We would like to invite you to the workshop “How can policy and regulation support resource recovery from waste?” on 21st September 2017 in Durham, Kenworthy Hall at St Marys College. This workshop is organised as part of a collaborative mini-project by the Resource Recovery from Waste programme and associated researchers of the AVAnD, B3, MeteoRR and R3AW projects.
This is a one day workshop on Vanadium recovery from steel slag landfills.
At this workshop, you will gain insight into the Resource Recovery from Waste programme and the technologies developed within our projects. You will get the opportunity to share best practice in policies and regulations that enable resource recovery, while also highlighting any barriers that may exist. We will use the project findings in our work striving for positive change in government policy supporting a circular economy in the UK.
This is one of four workshops across the country. Each workshop strives to answer the question: “If we wanted to realise resource recovery in the UK, how would it be possible within our policy and regulatory context?”. We will ask for your knowledge and experience to carry out a policy analysis, identifying drivers and barriers for resource recovery in general and for specific technologies, and identify which actors could drive required changes in the policy and regulation landscape
Understanding how change in the governance of waste and resource management can be achieved is vital to promote resource recovery and increaser resource efficiency as part of the transition towards the circular economy. Based on this research, we will formulate policy recommendations for governmental bodies throughout the UK.Each workshop strives to answer the question: “If we wanted to realise resource recovery in the UK, how would it be possible within our policy and regulatory context?” We will ask for your knowledge and experience to carry out a policy analysis, identifying drivers and barriers for resource recovery in general and for specific technologies, and identify which actors could drive required changes in the policy and regulation landscape.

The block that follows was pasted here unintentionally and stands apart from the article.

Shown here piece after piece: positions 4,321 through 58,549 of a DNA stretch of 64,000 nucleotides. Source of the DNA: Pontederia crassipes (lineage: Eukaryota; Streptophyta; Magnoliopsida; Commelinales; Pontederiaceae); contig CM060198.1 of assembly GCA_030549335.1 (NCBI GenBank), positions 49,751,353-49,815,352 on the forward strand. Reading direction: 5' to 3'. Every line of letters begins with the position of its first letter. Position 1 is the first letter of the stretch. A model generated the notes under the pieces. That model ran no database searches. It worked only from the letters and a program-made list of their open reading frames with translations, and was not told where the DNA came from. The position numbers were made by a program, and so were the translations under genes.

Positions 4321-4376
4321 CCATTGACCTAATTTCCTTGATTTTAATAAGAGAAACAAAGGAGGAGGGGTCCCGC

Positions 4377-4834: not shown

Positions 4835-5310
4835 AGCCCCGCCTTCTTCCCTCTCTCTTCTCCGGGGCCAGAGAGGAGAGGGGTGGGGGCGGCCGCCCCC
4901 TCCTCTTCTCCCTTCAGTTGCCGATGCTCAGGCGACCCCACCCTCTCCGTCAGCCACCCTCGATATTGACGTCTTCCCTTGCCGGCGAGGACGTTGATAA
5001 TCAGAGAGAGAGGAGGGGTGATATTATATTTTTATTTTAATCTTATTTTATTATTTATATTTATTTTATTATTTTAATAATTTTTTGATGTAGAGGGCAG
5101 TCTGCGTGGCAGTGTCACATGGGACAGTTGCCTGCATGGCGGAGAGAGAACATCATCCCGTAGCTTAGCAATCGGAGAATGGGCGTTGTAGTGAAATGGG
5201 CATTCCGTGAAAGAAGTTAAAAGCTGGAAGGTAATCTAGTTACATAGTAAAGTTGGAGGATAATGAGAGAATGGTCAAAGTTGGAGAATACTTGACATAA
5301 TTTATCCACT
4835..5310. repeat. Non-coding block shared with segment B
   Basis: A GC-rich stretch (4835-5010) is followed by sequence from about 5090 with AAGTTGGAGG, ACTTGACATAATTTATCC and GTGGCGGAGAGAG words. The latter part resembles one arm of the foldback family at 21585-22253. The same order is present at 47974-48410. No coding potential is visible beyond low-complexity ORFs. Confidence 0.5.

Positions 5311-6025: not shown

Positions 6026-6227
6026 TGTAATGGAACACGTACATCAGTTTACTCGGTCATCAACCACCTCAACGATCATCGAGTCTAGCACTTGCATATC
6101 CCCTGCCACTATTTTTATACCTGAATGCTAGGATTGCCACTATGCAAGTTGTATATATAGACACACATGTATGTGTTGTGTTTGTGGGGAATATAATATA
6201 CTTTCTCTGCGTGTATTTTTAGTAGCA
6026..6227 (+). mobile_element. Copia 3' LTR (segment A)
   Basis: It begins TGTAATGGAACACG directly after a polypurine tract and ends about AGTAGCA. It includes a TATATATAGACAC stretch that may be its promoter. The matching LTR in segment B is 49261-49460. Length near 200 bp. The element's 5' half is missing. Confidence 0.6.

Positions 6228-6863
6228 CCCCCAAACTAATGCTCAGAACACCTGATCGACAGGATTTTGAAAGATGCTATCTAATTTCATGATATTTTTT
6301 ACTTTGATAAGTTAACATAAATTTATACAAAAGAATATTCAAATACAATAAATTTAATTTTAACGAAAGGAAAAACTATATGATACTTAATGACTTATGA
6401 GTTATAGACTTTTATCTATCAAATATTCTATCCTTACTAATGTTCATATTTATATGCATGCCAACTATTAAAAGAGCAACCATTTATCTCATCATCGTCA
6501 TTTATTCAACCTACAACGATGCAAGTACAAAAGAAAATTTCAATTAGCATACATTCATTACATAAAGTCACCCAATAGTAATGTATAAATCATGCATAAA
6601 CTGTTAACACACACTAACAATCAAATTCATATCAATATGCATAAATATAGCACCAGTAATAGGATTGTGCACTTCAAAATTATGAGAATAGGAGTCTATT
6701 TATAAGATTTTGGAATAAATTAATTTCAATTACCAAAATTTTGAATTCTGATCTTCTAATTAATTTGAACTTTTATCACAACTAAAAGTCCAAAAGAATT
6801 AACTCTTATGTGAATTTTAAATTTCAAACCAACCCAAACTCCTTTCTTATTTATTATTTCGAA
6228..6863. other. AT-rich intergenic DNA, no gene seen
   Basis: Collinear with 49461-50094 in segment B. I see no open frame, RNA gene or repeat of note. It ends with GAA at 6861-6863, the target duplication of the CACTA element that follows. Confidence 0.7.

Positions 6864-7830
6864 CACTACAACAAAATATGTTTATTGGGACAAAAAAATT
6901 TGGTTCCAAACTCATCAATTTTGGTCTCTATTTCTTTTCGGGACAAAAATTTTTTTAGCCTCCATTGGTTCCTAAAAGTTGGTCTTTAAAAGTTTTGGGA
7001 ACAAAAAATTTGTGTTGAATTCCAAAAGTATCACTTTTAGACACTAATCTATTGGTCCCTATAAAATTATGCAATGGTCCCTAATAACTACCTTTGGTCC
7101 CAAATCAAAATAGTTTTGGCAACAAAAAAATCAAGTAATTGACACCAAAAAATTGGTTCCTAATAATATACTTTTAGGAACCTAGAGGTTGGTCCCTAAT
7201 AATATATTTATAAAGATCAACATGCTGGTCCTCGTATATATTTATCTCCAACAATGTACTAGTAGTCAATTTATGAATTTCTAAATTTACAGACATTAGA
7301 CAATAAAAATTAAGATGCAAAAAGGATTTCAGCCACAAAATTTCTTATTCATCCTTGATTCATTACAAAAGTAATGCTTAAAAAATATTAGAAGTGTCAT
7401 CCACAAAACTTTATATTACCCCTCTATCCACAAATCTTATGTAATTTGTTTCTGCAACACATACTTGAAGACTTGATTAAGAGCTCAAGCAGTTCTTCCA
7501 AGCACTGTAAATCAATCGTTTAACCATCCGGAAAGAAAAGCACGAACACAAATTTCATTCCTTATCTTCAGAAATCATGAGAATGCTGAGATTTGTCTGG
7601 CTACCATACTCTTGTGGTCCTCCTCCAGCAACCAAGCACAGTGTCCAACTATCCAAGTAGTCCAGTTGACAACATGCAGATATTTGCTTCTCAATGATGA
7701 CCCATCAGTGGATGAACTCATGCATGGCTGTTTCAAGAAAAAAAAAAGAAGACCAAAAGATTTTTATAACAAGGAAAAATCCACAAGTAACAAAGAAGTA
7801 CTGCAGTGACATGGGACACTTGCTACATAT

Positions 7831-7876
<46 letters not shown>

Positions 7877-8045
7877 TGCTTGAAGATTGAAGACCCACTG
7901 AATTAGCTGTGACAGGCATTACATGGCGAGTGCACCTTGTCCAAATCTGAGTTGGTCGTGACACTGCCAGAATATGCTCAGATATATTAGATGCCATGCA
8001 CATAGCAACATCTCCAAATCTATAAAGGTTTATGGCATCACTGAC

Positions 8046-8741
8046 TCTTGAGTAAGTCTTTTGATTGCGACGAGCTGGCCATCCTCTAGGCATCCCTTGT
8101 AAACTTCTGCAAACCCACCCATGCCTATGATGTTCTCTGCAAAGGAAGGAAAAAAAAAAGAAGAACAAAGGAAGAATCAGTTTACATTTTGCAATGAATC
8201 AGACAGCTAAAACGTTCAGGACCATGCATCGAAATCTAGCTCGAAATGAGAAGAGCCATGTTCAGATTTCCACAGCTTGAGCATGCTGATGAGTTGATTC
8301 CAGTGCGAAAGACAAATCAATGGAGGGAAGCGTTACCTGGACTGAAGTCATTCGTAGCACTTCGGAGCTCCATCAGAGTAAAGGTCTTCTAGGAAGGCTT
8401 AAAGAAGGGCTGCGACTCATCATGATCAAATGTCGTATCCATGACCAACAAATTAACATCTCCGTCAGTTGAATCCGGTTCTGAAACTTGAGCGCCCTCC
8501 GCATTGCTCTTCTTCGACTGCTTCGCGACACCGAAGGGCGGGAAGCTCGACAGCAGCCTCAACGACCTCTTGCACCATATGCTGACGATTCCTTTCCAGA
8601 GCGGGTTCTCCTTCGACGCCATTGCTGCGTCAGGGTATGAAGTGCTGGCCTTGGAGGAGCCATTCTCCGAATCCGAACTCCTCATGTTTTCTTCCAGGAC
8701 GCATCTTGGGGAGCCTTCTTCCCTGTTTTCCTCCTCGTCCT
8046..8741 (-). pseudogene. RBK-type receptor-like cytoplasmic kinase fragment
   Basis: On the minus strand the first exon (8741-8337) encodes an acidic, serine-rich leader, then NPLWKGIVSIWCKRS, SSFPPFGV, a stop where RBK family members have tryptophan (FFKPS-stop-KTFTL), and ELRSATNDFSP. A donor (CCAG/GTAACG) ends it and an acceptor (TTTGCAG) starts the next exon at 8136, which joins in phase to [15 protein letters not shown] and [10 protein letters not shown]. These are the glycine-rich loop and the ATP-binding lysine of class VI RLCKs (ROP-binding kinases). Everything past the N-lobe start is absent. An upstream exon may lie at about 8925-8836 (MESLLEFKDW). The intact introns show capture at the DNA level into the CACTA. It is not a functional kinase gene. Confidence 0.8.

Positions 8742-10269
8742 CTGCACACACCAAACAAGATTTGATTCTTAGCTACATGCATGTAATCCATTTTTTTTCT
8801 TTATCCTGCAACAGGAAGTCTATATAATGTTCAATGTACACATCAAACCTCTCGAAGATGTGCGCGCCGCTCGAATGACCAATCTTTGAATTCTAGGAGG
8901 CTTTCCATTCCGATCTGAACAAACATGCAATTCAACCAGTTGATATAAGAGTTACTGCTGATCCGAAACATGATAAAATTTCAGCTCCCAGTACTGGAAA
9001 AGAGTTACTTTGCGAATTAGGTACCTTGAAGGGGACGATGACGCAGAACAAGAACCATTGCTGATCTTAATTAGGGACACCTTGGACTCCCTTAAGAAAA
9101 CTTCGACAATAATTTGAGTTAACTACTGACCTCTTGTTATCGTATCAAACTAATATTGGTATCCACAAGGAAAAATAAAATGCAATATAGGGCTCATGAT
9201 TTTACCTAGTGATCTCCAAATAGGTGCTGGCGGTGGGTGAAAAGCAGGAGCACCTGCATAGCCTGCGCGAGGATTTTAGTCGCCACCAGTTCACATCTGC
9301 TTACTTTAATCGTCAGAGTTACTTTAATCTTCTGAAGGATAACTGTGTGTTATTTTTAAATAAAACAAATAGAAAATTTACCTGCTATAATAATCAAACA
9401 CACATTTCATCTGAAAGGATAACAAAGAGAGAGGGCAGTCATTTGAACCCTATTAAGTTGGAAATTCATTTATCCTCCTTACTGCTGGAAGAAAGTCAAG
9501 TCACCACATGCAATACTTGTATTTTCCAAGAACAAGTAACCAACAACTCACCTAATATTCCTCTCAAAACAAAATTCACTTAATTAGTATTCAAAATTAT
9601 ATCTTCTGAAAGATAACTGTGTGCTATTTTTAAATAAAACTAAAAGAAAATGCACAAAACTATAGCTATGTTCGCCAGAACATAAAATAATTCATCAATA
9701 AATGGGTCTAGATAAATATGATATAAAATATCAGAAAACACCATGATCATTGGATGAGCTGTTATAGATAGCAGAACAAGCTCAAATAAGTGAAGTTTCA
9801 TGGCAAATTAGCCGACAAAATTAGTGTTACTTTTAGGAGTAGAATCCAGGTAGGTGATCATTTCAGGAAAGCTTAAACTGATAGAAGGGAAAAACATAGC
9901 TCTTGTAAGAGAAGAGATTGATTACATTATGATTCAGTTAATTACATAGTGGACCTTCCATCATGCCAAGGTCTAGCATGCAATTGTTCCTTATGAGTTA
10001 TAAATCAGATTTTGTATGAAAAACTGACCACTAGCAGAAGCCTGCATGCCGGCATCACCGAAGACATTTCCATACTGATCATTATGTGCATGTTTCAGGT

This workshop aims to bring together people from academia, government, and industry. Please respond to this email or by contacting Anne Velenturf A.Velenturf@leeds.ac.uk to register for the workshop. Workshop spaces are limited and will be allocated on a first come, first serve basis.
Our latest paper on the leaching of vanadium from steel slag is published open access in Environmental Science and Technology this month.
Vanadium is a potential aquatic pollutant that can be released when steel slags are weathered, either during disposal or in conditioning of the material so it can be re-used as aggregate. Our study aimed to improve our understanding of how vanadium is released from slags into the surrounding environment using a range of geochemical techniques.
We found that vanadium is more readily released under aerobic conditions and that its release to water is controlled by calcium vanadate mineral phases. We also observed significant accumulation of newly-formed calcium silicate hydrate (C-S-H) phases in a rind around the surface of slag that is weathered. These surface minerals are also important in taking up some vanadium from solution.
An understanding of these weathering processes helps give us greater insight into the potential environmental risks of slag processing and re-use. The observed leaching and precipitation processes on the surface of the slag have positive implications for slag after-uses (e.g. as an aggregate). The presence of a surface rind may limit (or significantly slow) further dissolution, preventing significant alkalinity generation or the release of metals to the environment.
Written by Dr William Mayes (R3AW) University of Hull
The field trial at the Scunthorpe British Steel plant started this month. We are currently monitoring the existing wetland for passive treatment of the steel slag leachate. We are aiming to understand better what happens to vanadium (plant uptake / partitioning) and also to determine the treatment buffering rates. We hope to be able to publish some exciting results soon!
Our team has another publication entitled: “Removal and recovery of vanadium from alkaline steel slag leachates with anion exchange resins” by Helena I. Gomes, Ashley Jones, Mike Rogerson, Gillian M. Greenway, Diego Fernandez-Lisbona, Ian T. Burke, and William M. Mayes, now published on the Journal of Environmental Management.
This work tested the efficiency of anion exchange resins for vanadium removal and recovery from steel slag leachates at pH 11.5. The results show, for the first time, that the resins can be used successfully to both remove and recover vanadium from steel slag leachate.